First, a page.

Beacon Health Accountable Care Organization
- Need: To implement coordinated healthcare to improve patient health, increase patient engagement, and reduce the overall cost of medical services in Maine.
- Intervention: The Beacon Health network was launched to focus on patient-centered care to improve overall wellness and reduce ever-increasing healthcare costs.
- Results: Through care coordination, Beacon Health has enhanced provider efficiency, improved healthcare quality, and lowered costs for patients.
Northern Light Health, which serves the entire state of Maine, is transforming how healthcare is delivered throughout its system and is expanding the boundaries of a medical home. In 2012, Northern Light Health, through its population health member, Beacon Health, began an Accountable Care Organization (ACO) network. Beacon Health partners participate in the Medicare Shared Savings Program (MSSP).
Beacon Health is a product of the continued work and lessons learned from the Bangor Beacon Community. In 2010, the Office of the National Coordinator for Health Information Technology designated Bangor Beacon to serve as a model in developing its health information technology infrastructure and exchange capabilities. The Bangor Beacon Community used its grant award to gather and integrate data sources from multiple healthcare organizations. Through this, Bangor Beacon helped hardwire the best habits in delivering coordinated care. For many organizations, practices, and providers, this was the first time they had seen that level of actionable data.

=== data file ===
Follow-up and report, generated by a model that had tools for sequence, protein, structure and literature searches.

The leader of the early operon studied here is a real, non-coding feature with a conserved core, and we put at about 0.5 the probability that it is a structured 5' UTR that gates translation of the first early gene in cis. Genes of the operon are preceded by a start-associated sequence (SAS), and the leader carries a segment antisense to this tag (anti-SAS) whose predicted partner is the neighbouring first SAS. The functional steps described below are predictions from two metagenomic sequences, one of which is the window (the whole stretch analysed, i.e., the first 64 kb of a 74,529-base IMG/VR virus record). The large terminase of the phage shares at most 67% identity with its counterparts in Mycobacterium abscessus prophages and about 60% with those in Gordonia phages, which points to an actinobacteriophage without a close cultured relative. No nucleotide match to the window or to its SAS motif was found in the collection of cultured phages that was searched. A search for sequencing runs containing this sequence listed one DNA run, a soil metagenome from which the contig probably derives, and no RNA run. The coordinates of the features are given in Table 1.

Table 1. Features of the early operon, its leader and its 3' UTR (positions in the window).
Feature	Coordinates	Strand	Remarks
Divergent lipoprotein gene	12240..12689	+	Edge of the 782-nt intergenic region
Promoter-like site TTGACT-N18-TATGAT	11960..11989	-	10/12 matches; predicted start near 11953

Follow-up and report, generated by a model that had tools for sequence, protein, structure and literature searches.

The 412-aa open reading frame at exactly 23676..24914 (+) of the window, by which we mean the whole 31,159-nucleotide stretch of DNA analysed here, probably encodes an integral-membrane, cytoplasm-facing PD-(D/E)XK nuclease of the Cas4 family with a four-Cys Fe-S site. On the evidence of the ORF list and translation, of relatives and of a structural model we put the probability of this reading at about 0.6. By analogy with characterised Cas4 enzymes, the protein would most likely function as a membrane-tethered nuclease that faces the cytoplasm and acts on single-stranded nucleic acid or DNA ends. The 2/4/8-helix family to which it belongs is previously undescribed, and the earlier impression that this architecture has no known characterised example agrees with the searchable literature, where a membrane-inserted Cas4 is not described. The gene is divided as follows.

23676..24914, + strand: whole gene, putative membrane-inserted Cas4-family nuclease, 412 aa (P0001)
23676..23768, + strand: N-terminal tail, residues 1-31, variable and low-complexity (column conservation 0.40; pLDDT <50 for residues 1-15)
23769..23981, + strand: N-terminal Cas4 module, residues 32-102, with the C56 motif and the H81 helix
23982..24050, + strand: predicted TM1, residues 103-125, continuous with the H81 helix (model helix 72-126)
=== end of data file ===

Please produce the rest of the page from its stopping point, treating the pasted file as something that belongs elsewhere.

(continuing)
Although family providers initially had a sense of losing control due to ACO quality measures and guidelines, they realized that the thorough data required by CMS helps them provide more seamless patient care in the long run. Providers participating in the Beacon Health network now have concrete information to support improved processes that promote consistency and tailored care for their patients, which should improve quality of life and help achieve cost savings for Medicare, employers, and patients.
As an ACO, Beacon Health is able to support primary care medical home teams. Being a part of larger organizations gives smaller practices the opportunity to invest in people and programs such as licensed social workers who would have been out of budget range otherwise. Practices also have potential access to new grant funding. The real-time data, human capital, and other general resources are tools many rural sites could not gain access to on their own.
The video below discusses in depth the structure and impact of the Beacon Health network:
- Clinical coordinators who help patients understand healthcare and provide guidance to the most appropriate clinical and social services for them
- Specialized nurse care coordination for patients with a chronic disease
- Community care teams, including nurses and licensed social workers, who help patients with social services in their homes